ChatGPT is a serious problem for schools.  It can write a 1000 word essay in less than a minute.  
 

Let’s have a contest to see who can create the best sonnet about bassresource.com.   I’ll go first😁

 

 

Bassresource.com, a site of wonder,

A place for anglers to come and share

Their knowledge, tips, and tales asunder

In hopes to catch the biggest bass out there

 

With forums, articles, and videos too

There's something for every fisherman's need

A community that's kind and true

With helpful advice and fishing seed

 

From beginners to experts alike

This site has something for all to gain

A wealth of information, free to spike

Your fishing game and bring you fame
 

So come and join the Bassresource crew

And reel in the biggest catch anew.

 

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  • Super User

Do computers know more about fishing than we do?

From where I'm sitting,

that wouldn't be saying much.

:smiley:

A-Jay

(btw-I wrote that all by myself)

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  • Super User

This seems like good info overall, maybe for a novice? But I'd rather ask these questions to members here on BR. We've got lots of members who give very good info here on BR. And, it depends much on what part of the country your fishing in.                                                        A guy from Michigan will fish differently than a guy from Florida.

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13 hours ago, Tennessee Boy said:

I'm a computer geek and retired software developer.  I've seen a lot of changes since I wrote my first program in 1980.   The new frontier is artifical intelligence and the latest rage is a system called ChatGPT.  It's a system that will generate text on any subject you choose based on your input.  It's the most amazing new technology I've seen in a long time.  I sat down with ChatGPT to discuss bass fishing.  Here are the results.  Tell me what you think.

 

 

 

Not really interested in what the computer thinks. But with your background I’d love to spend some time on my boat with you to take reading my graphs to the next level.
 

 

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  • Super User
24 minutes ago, GaryH said:

Not really interested in what the computer thinks. But with your background I’d love to spend some time on my boat with you to take reading my graphs to the next level.
 

 

Great idea.  In my opinion, graph makers have done a lousy job of turning sonar data into truly comprehensible info.  And since those companies are unwilling to even make there options and capabilities understandable, I won't hold my breath waiting for better interpretations from them.

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  • Super User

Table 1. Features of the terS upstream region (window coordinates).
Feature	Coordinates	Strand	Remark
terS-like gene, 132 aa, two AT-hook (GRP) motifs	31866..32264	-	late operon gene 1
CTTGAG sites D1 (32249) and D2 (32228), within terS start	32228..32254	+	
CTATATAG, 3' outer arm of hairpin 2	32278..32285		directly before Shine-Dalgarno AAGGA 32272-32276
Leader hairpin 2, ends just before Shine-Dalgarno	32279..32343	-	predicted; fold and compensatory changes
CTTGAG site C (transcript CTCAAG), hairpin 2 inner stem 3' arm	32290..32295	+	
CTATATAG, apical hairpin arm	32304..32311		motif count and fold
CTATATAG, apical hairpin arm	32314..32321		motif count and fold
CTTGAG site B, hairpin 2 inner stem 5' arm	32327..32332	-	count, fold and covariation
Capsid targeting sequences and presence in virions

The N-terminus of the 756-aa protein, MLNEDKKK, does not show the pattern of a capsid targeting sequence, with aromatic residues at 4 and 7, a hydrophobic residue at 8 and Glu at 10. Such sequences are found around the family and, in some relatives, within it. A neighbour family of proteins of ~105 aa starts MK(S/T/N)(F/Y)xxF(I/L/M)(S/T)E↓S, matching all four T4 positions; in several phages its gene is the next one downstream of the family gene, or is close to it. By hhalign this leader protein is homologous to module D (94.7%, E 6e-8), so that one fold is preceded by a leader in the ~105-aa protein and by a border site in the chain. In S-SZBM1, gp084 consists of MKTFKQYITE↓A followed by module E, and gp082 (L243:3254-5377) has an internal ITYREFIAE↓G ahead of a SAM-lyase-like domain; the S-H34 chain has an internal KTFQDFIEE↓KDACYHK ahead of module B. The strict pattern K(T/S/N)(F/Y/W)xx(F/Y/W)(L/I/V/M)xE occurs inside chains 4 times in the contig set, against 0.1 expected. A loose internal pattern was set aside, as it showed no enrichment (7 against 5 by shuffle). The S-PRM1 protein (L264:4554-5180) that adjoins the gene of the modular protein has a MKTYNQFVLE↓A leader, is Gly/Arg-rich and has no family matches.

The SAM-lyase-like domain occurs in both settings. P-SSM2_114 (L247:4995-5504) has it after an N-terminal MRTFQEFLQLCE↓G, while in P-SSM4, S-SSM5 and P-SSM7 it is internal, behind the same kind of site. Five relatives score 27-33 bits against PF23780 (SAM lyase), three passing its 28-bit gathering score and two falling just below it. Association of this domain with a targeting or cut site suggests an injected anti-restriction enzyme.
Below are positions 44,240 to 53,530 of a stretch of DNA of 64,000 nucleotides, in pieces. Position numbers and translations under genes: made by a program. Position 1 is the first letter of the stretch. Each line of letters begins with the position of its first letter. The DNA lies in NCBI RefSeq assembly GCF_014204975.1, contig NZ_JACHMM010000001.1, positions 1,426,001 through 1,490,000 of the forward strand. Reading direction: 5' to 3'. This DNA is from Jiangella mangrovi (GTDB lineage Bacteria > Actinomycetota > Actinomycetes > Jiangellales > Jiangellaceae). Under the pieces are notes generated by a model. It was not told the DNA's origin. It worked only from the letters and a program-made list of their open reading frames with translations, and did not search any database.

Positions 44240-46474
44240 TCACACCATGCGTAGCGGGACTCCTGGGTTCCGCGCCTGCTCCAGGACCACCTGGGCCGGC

6 minutes ago, Choporoz said:

Great idea.  In my opinion, graph makers have done a lousy job of turning sonar data into truly comprehensible info.  And since those companies are unwilling to even make there options and capabilities understandable, I won't hold my breath waiting for better interpretations from them.

I hate to disagree with folks who have new boats and live close to me, but that is just not the case. It's like blaming a country because you don't speak the language. 

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  • Super User
1 hour ago, Deleted account said:

I hate to disagree with folks who have new boats and live close to me, but that is just not the case. It's like blaming a country because you don't speak the language. 

Let me allay that hate.  I'll be keeping the boat in NC.  :)

 

 I don't think one should have to need Rosetta Stone to set up and then interpret output from a common consumer electronic tool.    

 

    I did go to see Doctor Sonar at the Richmond Fishing Expo the other day, but I'm still suffering from a good case of fishfinder ignorance.

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  • Super User

Gotta admit Tennessee Boy, that was my entertainment for the day.

 

Gotta throw this in there regarding technology advancement.

I let this young man Hunt my property and he has cameras up everywhere that record, take pics and store data.

He can print out a data sheet of which spot on the property has the highest percentage of harvesting the largest whitetail Buck.

 

He started hunting here 2 years ago and both years have taken the largest buck on the property with minimal effort.

 

Hmmm, under water stationary cameras.

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  • Super User
23 minutes ago, Choporoz said:

I don't think one should have to need Rosetta Stone to set up and then interpret output from a common consumer electronic tool.    

Many sonar users have a simplified understanding of what they are looking at on the screen.  They think that a pixel on the screen represents a spot in the water behind them when in reality it represents all of the returns from an area equal distance from the transducer and the shape of that area is determined by the shape of the sonar beam.  The electronics companies do very little to help users overcome this and I think they even encourage it.  If their devices are perceived to be simpler than they are then they are less intimidating.